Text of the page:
Research participants had the clinical features of HD and either a confirmatory family history or a known CAG repeat length expansion. Eligibility criteria included age older than 35 years, total functional capacity of at least 7 on the UHDRS,8minimal dystonia (ie, not exceeding 2 on the UHDRS in either trunk or extremities), minimal bradykinesia (ie, not exceeding 2 on the UHDRS), adequate birth control, ability to take medications orally, and willingness and ability to comply with study requirements. Individuals were ineligible to participate if within 60 days of the baseline visit they had used lithium, reserpine, tetrabenazine, receptor antagonists, ω-3 fatty acid supplements, anticoagulation medication, or steroids other than topical preparations; high or variable doses of oral antipsychotic medications; high doses of aspirin, benzodiazepines, or selenium supplements or unstable doses of N-methyl-D-aspartate or antiepilepsy medications; or had participated in other investigational drug studies. Additional exclusion criteria were pregnancy or lactation, use of depot neuroleptic agents within 6 months, history of tardive dyskinesia, unstable medical or psychiatric illness, major depression (ie, score >20 on the Beck Depression Inventory II9), suicidal ideation, clinically significant substance abuse within 12 months, known allergy to ethyl-EPA or placebo, or previous participation in an investigational study of ethyl-EPA. During the study, investigators were permitted to make changes to medications if clinically indicated; however, individuals receiving variable dosages of selected medications (eg, oral antipsychotic agents) preceding their baseline visit were ineligible for the study.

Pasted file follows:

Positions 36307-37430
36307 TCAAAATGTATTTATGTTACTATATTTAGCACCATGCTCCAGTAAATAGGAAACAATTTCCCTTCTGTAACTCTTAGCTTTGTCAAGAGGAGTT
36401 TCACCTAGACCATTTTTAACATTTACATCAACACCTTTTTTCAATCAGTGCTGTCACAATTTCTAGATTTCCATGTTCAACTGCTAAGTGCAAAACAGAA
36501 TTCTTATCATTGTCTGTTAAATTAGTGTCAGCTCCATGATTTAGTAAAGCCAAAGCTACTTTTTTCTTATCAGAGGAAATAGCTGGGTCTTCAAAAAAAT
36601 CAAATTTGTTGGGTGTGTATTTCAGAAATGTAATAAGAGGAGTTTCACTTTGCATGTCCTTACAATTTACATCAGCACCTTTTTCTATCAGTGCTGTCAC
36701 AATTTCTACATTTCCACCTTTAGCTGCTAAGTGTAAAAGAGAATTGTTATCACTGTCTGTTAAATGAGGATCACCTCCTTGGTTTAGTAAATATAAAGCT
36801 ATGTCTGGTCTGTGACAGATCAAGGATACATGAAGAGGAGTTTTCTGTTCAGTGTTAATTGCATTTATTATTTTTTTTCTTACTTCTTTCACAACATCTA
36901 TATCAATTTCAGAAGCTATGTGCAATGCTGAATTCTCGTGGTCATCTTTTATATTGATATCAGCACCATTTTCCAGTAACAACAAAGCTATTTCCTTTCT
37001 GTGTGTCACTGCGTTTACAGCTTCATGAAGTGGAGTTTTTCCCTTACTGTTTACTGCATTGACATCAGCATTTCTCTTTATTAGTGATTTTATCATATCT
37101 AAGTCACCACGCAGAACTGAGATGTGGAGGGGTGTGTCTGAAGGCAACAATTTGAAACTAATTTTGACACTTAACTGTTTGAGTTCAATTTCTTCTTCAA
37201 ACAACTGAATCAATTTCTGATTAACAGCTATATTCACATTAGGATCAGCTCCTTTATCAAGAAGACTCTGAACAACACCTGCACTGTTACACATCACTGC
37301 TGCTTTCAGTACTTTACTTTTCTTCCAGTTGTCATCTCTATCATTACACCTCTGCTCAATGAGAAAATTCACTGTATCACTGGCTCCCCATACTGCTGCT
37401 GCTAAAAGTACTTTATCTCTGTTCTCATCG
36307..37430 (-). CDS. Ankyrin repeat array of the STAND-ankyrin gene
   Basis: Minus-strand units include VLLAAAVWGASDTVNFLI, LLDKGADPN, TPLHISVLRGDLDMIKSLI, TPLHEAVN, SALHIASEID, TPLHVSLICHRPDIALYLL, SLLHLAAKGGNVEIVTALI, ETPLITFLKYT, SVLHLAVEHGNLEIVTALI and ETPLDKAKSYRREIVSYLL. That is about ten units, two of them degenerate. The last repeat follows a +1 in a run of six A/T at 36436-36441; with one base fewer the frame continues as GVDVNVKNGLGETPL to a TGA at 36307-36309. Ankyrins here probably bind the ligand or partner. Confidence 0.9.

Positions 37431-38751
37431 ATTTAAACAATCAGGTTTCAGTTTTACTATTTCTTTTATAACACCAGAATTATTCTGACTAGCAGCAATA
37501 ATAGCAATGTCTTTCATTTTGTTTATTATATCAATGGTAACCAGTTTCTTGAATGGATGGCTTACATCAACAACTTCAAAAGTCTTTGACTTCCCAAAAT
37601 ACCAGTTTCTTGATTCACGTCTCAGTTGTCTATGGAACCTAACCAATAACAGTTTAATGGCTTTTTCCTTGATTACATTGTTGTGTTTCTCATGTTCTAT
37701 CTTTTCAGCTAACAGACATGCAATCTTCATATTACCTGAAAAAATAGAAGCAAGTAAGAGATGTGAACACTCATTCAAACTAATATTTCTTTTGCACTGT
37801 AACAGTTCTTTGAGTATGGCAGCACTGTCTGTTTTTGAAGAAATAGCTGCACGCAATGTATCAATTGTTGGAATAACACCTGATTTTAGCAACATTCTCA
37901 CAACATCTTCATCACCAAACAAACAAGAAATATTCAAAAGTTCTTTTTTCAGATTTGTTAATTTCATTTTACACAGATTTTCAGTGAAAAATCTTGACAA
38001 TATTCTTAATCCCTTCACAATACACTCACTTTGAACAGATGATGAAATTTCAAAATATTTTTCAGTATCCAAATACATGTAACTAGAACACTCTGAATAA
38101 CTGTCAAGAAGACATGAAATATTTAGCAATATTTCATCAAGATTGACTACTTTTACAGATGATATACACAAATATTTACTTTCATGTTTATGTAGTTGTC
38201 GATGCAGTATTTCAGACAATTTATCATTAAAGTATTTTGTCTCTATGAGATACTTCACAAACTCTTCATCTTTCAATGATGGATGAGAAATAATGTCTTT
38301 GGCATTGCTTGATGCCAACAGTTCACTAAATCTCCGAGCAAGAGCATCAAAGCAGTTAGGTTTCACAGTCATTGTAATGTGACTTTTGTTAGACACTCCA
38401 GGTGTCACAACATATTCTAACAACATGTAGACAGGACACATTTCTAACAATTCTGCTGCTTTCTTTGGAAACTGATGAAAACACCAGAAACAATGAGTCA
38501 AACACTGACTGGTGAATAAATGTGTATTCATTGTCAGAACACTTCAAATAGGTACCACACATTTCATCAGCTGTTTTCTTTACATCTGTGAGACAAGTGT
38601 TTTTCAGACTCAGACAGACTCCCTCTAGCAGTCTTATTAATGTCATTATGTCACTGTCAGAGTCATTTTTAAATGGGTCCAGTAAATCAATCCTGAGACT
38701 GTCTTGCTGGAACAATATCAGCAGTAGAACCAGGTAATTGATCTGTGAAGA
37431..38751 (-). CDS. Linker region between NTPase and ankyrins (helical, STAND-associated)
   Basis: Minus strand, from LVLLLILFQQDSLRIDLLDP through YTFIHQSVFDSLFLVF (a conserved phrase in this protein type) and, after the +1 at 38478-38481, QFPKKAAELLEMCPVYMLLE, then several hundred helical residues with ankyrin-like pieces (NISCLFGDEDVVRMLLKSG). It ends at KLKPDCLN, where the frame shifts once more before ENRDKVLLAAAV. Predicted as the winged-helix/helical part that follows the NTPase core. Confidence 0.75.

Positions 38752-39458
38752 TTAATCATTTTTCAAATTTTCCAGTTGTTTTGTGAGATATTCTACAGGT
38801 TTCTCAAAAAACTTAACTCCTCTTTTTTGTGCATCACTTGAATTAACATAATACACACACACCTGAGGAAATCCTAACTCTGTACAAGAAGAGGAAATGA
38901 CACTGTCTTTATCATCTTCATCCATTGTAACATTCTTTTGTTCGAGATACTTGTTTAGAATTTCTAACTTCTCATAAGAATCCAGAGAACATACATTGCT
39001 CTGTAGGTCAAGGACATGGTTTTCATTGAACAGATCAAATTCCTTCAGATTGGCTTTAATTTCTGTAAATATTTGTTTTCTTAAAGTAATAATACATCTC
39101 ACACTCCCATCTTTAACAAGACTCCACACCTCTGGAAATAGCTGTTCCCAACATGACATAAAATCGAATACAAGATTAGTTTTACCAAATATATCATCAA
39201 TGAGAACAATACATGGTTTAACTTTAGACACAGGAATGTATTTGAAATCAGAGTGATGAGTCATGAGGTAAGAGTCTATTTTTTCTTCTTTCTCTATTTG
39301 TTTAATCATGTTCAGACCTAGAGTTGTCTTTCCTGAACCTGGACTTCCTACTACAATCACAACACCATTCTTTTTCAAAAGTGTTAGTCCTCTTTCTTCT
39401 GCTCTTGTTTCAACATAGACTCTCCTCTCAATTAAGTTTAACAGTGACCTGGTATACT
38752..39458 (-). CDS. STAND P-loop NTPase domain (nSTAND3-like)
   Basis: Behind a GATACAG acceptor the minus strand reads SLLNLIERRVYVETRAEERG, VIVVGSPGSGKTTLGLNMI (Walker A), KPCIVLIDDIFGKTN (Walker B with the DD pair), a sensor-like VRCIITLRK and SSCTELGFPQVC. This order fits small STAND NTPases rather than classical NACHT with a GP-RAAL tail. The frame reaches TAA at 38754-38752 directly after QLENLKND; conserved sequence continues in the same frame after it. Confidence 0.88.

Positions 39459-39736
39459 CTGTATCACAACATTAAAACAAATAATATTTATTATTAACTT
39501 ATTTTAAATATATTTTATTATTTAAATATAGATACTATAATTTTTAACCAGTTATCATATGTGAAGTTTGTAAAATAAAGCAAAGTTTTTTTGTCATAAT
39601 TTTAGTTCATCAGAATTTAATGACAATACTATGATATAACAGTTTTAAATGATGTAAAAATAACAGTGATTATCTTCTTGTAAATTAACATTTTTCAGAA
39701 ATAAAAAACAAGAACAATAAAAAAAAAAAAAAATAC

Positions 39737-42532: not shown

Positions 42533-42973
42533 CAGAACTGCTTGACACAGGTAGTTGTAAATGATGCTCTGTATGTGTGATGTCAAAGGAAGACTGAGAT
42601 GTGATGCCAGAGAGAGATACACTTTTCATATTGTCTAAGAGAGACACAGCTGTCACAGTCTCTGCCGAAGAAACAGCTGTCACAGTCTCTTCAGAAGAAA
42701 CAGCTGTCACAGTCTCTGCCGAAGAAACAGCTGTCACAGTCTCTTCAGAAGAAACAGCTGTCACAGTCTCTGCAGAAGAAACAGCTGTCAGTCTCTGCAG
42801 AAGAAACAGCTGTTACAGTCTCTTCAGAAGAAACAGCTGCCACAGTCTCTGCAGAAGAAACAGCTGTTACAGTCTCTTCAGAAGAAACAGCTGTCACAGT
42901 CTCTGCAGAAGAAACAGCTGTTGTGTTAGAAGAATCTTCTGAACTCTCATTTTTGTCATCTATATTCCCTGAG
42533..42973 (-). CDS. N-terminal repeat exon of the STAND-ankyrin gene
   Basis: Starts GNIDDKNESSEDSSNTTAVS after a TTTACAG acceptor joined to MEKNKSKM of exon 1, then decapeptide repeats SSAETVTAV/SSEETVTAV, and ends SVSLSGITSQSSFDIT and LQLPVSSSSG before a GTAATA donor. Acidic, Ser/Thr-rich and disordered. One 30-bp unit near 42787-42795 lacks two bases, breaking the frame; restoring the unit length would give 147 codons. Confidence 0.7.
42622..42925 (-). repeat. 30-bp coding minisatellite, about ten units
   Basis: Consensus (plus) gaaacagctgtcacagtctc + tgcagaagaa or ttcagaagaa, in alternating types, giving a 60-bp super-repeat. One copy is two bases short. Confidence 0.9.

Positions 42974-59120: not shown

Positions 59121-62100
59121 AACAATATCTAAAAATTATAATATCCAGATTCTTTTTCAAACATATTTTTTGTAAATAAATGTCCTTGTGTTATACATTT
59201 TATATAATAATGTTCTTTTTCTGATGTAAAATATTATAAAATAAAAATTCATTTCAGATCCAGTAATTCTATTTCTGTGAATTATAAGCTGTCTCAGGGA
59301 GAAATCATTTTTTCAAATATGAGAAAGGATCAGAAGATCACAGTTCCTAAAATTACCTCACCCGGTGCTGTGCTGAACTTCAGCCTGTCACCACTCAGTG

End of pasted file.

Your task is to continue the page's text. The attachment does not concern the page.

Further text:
We conducted a randomized, double-blind, placebo-controlled, parallel-group study of ethyl-EPA, 1 g twice a day. The institutional review board at each participating site approved the research plan and consent documents.
Eligible study participants provided written consent. At baseline, participants were randomized according to a block-balanced computer-generated randomization plan (generated by the Biostatistics Center, University of Rochester, Rochester, New York) that was stratified by site. Treatment packets were prenumbered with randomization codes. By allocation of the appropriate numbered treatment pack, individuals were randomized 1:1 to receive either active drug in the form of two 500-mg capsules of ethyl-EPA (>95% purity) with DL-α-tocopherol, 0.2% twice daily orally, or placebo in the form of two 500-mg capsules containing light paraffin oil, which is known to have laxative properties, and DL-alpha-tocopherol, 0.2% twice daily orally, for 6 months.